This dish, paradoxically, is from Naples. It is a bit of an institution there. Many families cook it for Sunday lunch. It is a type of “white” ragù, that is it is cooked for a long time without tomatoes. It will taste even better if you make it the day before, and heat it up before serving. It is usually served with ziti, broken in half, but any tubular pasta, such as penne or rigatoni will do. Some versions cook the beef as a whole piece, and serve the meat as the main course, but this recipe cooks it until it breaks down into the sauce.
The origins of the name are a bit of a mystery. Some say it was first prepared in the port of Naples, where it was popular with sailors from Genoa. Others say it is a dish originally prepared by cooks from Genoa.
500 g beef (topside or rump)
450 g onions
60 g celery
60 g carrots
1 sprig rosemary
1 bay leaf
1 litre beef stock
Finely chop the carrots and celery and thinly slice the onions.
Genovese chopped veg
Chop the beef into large cubes.
Saute the carrot and celery for a few minutes in a pan big enough to take all the beef.
Genovese browning veg
When they have taken some colour, turn down the heat and add the onions. Stir With a wooden spoon until the onions have softened.
Add the beef, rosemary and bay leaf. Cook over a very low heat for at least 3 hours. Check every half and hour or so, and add a little stock if it starts to get dry.
Genovese adding beef
After 3 hours add the rest of the stock and continue cooking until the beef has completely disintegrated and the sauce is thick and tasty.
From Campania. This salad is named after the island of Capri, in the Gulf of Naples, near to Sorrento. Versions of this dish can be now be found in “Italian” restaurants all over the world. It is extremely simple, just “mozzarella”, tomatoes and good extra virgin olive oil.
As always, the quality of the ingredients is very important. First the “mozzarella”. The name should technically be reserved for buffalo milk cheese. Cows milk cheese is known as “fior di latte”. The milk used is not as important as the freshness. In fact Accademia Italiana della Cucina recommends using a cow’s milk cheese from Agerola or Sorrento. Most people here insist on eating it on the day it is made. Mozzarella made the day before is only good for pizza. If all you can find is supermarket cheese with a shelf life of up to a month, it wont be worth making this dish, make a pizza instead 🙂 Slice into fairly thin slices, about half a centimetre or a quarter of an inch.
Next, the tomatoes. Again, use the best you can find. Try to find them about the same size as the cheese. This makes the presentation nicer. Slice crossways into slices of about the same size as the cheese.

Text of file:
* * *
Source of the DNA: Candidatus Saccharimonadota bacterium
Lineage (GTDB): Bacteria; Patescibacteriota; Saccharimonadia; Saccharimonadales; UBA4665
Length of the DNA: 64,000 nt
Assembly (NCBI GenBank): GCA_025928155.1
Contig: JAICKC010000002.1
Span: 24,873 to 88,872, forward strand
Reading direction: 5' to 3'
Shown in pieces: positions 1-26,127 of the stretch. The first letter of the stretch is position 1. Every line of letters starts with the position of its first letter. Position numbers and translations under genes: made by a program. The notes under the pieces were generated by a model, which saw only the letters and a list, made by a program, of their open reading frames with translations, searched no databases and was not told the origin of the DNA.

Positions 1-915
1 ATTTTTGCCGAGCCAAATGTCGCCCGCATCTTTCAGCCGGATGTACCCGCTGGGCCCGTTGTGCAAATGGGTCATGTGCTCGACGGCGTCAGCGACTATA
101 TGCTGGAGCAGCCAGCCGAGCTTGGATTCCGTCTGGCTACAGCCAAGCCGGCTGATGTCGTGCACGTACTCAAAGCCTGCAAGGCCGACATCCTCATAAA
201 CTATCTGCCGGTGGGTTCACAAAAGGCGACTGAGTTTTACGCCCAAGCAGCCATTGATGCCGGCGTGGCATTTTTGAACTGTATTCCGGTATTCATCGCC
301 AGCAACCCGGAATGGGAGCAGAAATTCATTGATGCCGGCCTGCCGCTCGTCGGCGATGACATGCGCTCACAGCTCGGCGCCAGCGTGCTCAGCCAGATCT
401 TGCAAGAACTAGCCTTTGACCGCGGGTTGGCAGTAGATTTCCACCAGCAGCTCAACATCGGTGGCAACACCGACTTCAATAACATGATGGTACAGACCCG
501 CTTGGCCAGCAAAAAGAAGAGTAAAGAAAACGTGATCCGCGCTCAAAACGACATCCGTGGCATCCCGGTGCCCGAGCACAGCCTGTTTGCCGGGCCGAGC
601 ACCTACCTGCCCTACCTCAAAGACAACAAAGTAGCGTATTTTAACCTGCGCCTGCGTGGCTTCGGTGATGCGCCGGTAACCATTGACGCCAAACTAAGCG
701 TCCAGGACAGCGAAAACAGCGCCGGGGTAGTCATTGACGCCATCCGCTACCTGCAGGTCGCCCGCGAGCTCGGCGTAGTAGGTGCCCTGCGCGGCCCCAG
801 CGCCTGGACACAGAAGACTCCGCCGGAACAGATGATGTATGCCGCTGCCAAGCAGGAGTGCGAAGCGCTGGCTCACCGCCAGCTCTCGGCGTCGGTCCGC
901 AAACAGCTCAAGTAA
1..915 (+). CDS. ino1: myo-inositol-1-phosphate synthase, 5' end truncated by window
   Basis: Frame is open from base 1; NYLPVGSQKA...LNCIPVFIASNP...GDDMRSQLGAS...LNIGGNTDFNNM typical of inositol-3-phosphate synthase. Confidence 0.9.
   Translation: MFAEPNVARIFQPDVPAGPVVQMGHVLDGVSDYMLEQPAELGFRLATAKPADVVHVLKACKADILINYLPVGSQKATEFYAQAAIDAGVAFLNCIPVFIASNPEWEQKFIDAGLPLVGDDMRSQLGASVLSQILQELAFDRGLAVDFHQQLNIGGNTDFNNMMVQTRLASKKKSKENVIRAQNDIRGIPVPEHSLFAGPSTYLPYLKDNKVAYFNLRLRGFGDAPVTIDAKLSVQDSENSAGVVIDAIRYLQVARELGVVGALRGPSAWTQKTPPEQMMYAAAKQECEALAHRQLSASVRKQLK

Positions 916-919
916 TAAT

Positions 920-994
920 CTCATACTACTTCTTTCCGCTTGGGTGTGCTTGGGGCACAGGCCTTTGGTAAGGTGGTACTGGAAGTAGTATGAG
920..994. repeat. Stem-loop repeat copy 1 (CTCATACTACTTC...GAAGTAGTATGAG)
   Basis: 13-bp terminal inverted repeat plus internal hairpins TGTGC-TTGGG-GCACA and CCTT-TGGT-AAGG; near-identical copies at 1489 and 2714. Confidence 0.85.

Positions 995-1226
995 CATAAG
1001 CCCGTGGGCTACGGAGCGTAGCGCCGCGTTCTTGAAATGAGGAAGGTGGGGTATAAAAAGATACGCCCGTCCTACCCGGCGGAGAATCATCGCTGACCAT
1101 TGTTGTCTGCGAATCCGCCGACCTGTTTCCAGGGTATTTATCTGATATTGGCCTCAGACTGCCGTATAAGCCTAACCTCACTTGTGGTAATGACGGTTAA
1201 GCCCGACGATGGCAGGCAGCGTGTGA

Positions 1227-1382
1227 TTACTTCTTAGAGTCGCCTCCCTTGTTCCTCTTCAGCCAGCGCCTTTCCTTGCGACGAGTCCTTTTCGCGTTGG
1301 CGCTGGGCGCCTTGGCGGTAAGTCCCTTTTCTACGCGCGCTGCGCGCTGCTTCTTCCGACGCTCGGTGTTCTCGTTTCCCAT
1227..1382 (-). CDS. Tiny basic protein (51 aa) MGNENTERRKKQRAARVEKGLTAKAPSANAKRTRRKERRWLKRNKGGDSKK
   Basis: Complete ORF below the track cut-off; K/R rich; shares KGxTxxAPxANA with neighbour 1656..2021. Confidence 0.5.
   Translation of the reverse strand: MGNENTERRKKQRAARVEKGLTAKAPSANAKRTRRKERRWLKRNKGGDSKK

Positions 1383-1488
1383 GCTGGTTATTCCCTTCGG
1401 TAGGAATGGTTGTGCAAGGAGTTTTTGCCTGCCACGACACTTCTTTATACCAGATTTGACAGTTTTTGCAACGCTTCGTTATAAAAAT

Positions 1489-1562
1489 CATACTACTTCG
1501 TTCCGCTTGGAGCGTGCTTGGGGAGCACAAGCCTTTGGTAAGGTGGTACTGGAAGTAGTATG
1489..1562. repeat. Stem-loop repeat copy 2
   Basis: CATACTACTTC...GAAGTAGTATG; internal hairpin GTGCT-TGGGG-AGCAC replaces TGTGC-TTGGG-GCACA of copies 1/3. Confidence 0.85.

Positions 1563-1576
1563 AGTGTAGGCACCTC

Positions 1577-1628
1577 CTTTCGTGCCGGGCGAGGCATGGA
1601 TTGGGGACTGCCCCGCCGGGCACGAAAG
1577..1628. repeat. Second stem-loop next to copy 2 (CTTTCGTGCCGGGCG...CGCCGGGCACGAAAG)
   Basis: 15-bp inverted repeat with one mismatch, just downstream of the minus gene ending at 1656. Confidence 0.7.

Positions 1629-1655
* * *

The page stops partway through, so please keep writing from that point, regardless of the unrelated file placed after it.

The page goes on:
Arrange them on a plate, alternating the tomato and mozzarella. Add a generous amount of fresh basil and drizzle with olive oil. You can season with a little salt if you like.
The Academia suggests an alternative method where the cheese and tomatoes are diced.
The salad will taste much better if you serve it at room temperature, not straight from the fridge.
Unlike most salads in Italy, this is served as a main course, rather than a side dish.
Pasta cresciuta. From Naples. My local pizzaria here in Bari is Neapolitan and cooks what the locals regard as “thick” pizzas. The Barese go there when they want some foreign food 🙂 They also cook a few specialities from Naples, such as arancini and this dish. Pasta cresciuta means “grown dough”, because the batter contains yeast. You can cook them without a filling, or with some of the more traditional ones such as courgette flowers or anchovies. Alternatively experiment with what you have to hand. The batter will make about 60-80 pieces.
Mixed fritters ingredients
Sun-dried tomato halves, soaked to soften
Courgette (Zucchini) flowers picked over to make sure they don’t contain any insects etc.
Large sage leaves
Oil for deep frying (traditionally olive oil, but sunflower oil is acceptable)
For the batter
1 cube of fresh yeast
320ml lukewarm water
300g oo flour
A pinch of salt
First make the batter. Dissolve the yeast in the water. Sift the flour into a bowl and add the salt. Make a well in the centre and add the yeast mixture. Beat it with a whisk until smooth. Cover and leave in a warm place for 1 – 2 hours to rise. It should about double in size.
Mixed fritters batter